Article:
By Lucile Bruce
The Center for the Arts at Wesleyan University (CFA) seems to have anticipated that feeling. Director Pamela Tatge and her team have put together a spring dance program worthy of the season of renewal. Dance in many varieties is here, from modern American to ballet to indigenous works from Brazil and Hawaii. You’ll find dance in the classroom, too, where it’s being used to unearth connections between artistic practice and modes of academic inquiry.
First up: DanceMasters Weekend, March 5-6. This annual gathering — now in its 12th year — is one of the most anticipated dance events in the Northeast. As stated in the program guide, DanceMasters’ “combination of master classes and performances by premier companies has made this immersion in dance an important retreat for students, professionals and enthusiasts — for anyone wanting to learn the latest techniques or sample the work of leading choreographers.”
This year’s showcase performance (Saturday, March 5) features two giants of the dance world, Ronald K. Brown/Evidence, A Dance Company and the Suzanne Farrell Ballet, along with Gallim Dance, a relative newcomer to the field. Andrea Miller, Gallim’s founder and artistic director, is the winner of the CFA’s annual Mariam McGlone Emerging Choreographer Award. By design, the showcase performance offers variety and contrast — this year, between modern and classical forms, highly individual artistic visions, and dramatically different themes.
There’s a dazzling array of master classes, too — no surprise, as this university is serious about dance education. Ronald K. Brown and Suzanne Farrell will teach, as will members of the Alvin Ailey American Dance Theater, Limon Dance Company, and several others. There are 12 classes in total, including jazz, tap, and West African dance. But reserve early — DanceMasters Weekend does sell out.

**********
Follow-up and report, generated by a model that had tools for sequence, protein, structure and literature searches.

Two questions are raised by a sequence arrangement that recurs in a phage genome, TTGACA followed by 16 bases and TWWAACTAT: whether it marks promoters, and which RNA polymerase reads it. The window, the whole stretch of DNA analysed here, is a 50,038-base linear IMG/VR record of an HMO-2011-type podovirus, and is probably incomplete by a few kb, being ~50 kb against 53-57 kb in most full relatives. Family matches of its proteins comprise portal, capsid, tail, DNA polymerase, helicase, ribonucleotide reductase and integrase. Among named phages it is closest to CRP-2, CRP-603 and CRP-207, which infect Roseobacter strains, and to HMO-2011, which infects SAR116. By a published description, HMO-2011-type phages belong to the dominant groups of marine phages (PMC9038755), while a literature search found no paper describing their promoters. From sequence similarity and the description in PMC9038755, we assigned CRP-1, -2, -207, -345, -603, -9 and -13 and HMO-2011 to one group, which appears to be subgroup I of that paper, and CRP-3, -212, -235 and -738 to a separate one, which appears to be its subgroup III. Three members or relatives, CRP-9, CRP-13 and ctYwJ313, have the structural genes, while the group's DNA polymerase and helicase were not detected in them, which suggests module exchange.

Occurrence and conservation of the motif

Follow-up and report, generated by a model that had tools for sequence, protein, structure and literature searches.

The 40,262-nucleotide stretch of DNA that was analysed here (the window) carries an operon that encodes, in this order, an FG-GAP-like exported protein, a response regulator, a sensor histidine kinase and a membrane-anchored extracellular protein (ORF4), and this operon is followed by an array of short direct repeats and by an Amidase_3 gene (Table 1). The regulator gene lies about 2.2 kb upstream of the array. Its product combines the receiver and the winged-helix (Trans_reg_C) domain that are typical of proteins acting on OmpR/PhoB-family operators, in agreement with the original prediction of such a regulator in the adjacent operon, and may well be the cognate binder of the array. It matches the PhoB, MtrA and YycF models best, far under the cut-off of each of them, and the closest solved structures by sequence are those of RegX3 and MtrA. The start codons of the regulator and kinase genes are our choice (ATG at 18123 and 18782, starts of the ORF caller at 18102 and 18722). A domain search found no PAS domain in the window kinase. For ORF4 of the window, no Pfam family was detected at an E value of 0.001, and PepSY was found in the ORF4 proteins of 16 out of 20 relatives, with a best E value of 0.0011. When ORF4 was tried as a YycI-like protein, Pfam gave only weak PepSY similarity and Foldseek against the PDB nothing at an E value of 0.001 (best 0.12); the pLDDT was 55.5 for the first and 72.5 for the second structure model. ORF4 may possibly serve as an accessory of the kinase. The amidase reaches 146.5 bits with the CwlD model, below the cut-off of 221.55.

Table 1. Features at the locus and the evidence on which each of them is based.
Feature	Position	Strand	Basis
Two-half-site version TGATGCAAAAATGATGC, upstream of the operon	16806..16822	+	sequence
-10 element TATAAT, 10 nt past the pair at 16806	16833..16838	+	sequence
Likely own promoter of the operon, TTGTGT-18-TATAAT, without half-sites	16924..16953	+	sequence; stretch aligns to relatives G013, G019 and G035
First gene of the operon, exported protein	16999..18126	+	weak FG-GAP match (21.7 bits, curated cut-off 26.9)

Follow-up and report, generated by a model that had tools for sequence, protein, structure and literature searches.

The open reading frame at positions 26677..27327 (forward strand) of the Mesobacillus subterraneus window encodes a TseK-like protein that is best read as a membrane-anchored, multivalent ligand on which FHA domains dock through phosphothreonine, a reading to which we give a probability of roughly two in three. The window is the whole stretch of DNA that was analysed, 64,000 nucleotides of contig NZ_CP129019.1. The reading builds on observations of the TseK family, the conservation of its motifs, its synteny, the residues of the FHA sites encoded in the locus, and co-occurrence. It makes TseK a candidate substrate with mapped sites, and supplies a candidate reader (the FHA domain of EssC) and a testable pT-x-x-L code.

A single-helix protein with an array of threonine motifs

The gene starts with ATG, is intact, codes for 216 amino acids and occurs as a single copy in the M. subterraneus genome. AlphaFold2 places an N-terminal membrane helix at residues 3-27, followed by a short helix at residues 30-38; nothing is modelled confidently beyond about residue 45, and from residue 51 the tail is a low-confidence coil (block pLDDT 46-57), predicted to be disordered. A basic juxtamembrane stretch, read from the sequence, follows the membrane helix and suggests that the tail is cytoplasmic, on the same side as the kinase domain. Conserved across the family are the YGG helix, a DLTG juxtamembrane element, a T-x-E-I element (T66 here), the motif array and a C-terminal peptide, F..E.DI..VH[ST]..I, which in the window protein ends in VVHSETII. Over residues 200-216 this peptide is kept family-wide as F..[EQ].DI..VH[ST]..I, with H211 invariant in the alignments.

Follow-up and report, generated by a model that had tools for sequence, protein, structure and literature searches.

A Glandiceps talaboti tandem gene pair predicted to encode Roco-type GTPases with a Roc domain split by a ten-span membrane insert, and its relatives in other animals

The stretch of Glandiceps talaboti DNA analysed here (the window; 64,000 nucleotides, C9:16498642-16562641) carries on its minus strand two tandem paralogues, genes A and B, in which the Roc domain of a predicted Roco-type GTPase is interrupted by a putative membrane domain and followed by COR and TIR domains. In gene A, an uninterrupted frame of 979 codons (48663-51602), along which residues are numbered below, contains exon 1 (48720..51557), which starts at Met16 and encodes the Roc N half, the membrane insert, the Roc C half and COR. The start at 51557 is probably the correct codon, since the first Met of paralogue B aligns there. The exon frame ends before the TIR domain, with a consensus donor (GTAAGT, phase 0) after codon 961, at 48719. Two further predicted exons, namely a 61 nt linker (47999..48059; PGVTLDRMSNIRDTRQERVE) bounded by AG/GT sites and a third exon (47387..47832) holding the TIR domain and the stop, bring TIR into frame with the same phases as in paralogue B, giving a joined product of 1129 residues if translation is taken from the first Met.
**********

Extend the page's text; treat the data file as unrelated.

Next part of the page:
Then the dream of spring comes true (vernal equinox: March 20) and the CFA’s stages explode with color, song, and story as they feature two visiting dance companies from parts of the world deeply shaped by colonialism.
Viver Brasil, based in Los Angeles, takes the stage March 25-26 in a performance of traditional and contemporary dance from the Bahia region of Brazil. Bahia, historically the center of the early Brazilian slave trade, is the region of Brazil with the strongest African roots. At Wesleyan, the company will perform its most recent work, Alaafia, meaning “peace, harmony.”
Alaafia, a reference to the African god of peace, is part of Viver Brasil’s touring program Feet on the Ground. According to the company, “In Afro-Brazilian culture, one needs to feel one’s feet on earth because in the earth there is axé, divine energy. So to connect to the cosmic world, one must feel the earth in order to move into the air, jump in the air, leap in the air.
“Traditional Afro-Brazilian dance allows us to feel the earth, and with that in contemporary dance we can expand upon our movement capabilities, our technical abilities to reach to another realm, both physically and spiritually.”
Viver Brasil features lavish costumes and — importantly — live music.
“It’s rare that dancers on tour perform with live music,” Tatge points out; the cost typically exceeds arts presenters’ budgets.
Tatge says it’s been decades since the CFA has presented a Brazilian company. With Viver Brazil, says Tatge, audiences will be able to enter into the many riches of Brazil — its people, its dance, its complex history.
H¯alau o Keikiali’i also plants its feet firmly on the ground. The company’s April 8 performance, KaWa Hula: Hula Through Time, unveils the history of Hawaii through chants, music, dance, and storytelling. H¯alau o Keikiali’i is a traditional Hawaiian performance ensemble based in San Francisco and led by master artist Kawika Keikiali’ihiwahiwa Alfiche.